Moving the Mini Countryman SUV up a segment in size while also making its exterior more rugged looking will put the automaker on the list of buyers who might have otherwise ignored it, the brand's chief said.
"Right now Mini is a second or third car, but the Countryman can be your first car or only car. This is the biggest change," BMW Group's board member responsible for Mini, Peter Schwarzenbauer, told Automotive News Europe when asked to compare the first- and second-generation versions of the car.
At 4300mm long and 1820mm wide, the new Countryman is 200mm longer and 30mm wider than the current-generation car. The car's wheelbase has grown by 75mm to 2775mm to increase rear legroom, Mini said. The added length moves the car into the premium compact SUV segment to compete against cars such as the Mercedes-Benz GLA and Audi Q2 and Q3.
"This new segment we are entering is four times bigger than the one for smaller SUVs," Schwarzenbauer said on the sidelines of the Los Angeles auto show, where the car was revealed for the first time last month. He believes that the size of the segment will help boost sales of the new Countryman.
The car's overall share of Mini's global sales is expected to stay the same at about a quarter, but Mini says the compact SUV's overall numbers will grow. That is because Mini expects its total volume to increase on rising demand for its core hatchback model and the Clubman premium compact.
Mini's 2016 global sales are on track to top last year's record of 338,466, Mini Senior Vice President Sebastian Mackensen said. Mini expects 2017 to be another record-breaking year because of the arrival of the new Countryman, which has a much tougher look than the car it replaces.
"We gave it much more SUV-ness," Schwarzenbauer said. "We see around the world a trend that more and more people are moving out of cars and getting into SUVs."
The outgoing model's softer looks were hurting the brand's sales, particularly in the U.S, where volume was down 13 percent through October this year. Mackensen said that in the last two years, the U.S. passenger car segment has been shrinking. "And that is where we compete," Mackensen added.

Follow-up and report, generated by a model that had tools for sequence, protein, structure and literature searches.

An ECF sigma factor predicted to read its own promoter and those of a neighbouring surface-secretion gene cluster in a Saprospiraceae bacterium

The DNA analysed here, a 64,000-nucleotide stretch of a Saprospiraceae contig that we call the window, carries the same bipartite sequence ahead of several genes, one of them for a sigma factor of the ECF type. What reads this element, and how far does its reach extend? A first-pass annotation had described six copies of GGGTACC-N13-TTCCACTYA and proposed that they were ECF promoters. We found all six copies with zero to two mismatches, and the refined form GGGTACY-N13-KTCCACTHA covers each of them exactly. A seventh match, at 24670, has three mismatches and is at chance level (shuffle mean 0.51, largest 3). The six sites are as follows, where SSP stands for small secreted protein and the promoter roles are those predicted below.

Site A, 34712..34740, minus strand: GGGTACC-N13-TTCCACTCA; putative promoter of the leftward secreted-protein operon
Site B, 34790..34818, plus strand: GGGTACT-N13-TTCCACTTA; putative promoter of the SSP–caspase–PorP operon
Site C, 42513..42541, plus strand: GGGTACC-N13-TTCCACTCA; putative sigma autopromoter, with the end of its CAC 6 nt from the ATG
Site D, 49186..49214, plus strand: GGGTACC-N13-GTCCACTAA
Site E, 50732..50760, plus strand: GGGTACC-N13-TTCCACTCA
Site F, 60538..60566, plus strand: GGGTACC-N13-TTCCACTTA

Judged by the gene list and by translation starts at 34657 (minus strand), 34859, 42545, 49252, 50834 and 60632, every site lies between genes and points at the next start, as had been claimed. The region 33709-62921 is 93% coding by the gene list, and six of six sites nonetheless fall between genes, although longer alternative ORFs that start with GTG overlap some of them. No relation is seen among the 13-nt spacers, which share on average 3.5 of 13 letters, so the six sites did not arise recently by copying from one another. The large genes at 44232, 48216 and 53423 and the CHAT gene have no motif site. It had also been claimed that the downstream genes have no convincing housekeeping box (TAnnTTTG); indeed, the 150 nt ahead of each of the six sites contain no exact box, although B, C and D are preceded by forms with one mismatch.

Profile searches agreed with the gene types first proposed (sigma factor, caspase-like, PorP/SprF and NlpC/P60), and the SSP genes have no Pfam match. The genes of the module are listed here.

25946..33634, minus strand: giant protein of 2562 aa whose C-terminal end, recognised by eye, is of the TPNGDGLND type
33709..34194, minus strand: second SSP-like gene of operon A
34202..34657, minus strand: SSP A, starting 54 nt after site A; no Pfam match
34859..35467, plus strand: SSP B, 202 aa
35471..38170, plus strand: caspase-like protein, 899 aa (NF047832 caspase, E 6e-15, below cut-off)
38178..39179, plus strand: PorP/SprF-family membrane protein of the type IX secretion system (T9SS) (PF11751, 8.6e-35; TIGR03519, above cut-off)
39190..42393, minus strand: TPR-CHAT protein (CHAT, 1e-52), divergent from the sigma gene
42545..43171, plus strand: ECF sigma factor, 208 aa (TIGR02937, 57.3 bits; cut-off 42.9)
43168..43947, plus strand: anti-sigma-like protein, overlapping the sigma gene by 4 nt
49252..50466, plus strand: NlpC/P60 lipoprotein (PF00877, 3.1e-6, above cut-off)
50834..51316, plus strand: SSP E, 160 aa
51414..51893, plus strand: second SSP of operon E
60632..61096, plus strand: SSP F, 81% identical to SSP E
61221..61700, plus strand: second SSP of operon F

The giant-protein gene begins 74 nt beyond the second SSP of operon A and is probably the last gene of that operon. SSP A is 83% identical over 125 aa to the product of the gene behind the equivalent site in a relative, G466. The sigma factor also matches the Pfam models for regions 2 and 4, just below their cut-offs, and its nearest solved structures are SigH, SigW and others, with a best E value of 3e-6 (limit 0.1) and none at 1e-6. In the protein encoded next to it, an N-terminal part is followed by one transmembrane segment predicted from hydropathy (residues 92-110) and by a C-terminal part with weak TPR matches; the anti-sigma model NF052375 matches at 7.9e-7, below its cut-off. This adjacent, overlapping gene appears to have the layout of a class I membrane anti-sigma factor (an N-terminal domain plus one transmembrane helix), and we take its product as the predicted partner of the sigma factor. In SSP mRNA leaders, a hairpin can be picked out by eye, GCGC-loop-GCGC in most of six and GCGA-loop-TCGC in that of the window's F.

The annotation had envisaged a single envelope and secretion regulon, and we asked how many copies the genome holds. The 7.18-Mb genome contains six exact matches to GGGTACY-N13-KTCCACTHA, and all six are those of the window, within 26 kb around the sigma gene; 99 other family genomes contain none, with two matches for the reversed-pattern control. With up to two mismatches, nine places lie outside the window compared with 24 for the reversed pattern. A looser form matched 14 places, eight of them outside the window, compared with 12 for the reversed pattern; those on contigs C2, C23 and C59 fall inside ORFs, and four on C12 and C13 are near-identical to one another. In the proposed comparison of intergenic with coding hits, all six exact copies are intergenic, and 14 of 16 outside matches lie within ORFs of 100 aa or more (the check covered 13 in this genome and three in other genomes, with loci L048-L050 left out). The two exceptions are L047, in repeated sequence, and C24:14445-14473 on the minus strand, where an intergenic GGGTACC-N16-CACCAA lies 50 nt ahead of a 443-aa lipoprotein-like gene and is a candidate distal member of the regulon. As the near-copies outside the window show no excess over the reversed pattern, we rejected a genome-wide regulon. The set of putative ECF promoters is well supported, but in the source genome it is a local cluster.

The new car will cost substantially more than its predecessor. The Countryman's UK entry price will rise 31 percent to 22,465 pounds (26,285 euros) compared with 17,125 pounds for the car that is being replaced. Mini says the price increase adjusted for the extra equipment is about 14 percent. "We got a lot of feedback from customers that the car was too naked, too empty. Now a lot of options are standard," Schwarzenbauer said.
The Countryman will use BMW Group's UKL front-wheel-drive platform that underpins other Mini models as well as the second-generation BMW X1, which will be a rival in the premium compact SUV segment. The Countryman will be made at contract manufacturer VDL Nedcar's factory in Born, Netherlands, rather than at Mini's factory in Oxford, England.
The Countryman will offer optional all-wheel drive, which Mini expects will be chosen by about 30 percent to 40 percent of customers, up from 25 percent for the previous model, because the feature will be available on a wider range of powertrains.
One of those powertrains is a new plug-in hybrid, a first for Mini. That variant of the Countryman will use the same technology as the BMW 2-series Active Tourer plug-in hybrid, which combines a 1.5-liter turbocharged three-cylinder engine with a 7.6 kilowatt-hour battery pack. Mini expects the plug-in hybrid to appeal to both environmentally conscious buyers as well as those who pick the brand because of its sporty driving dynamics.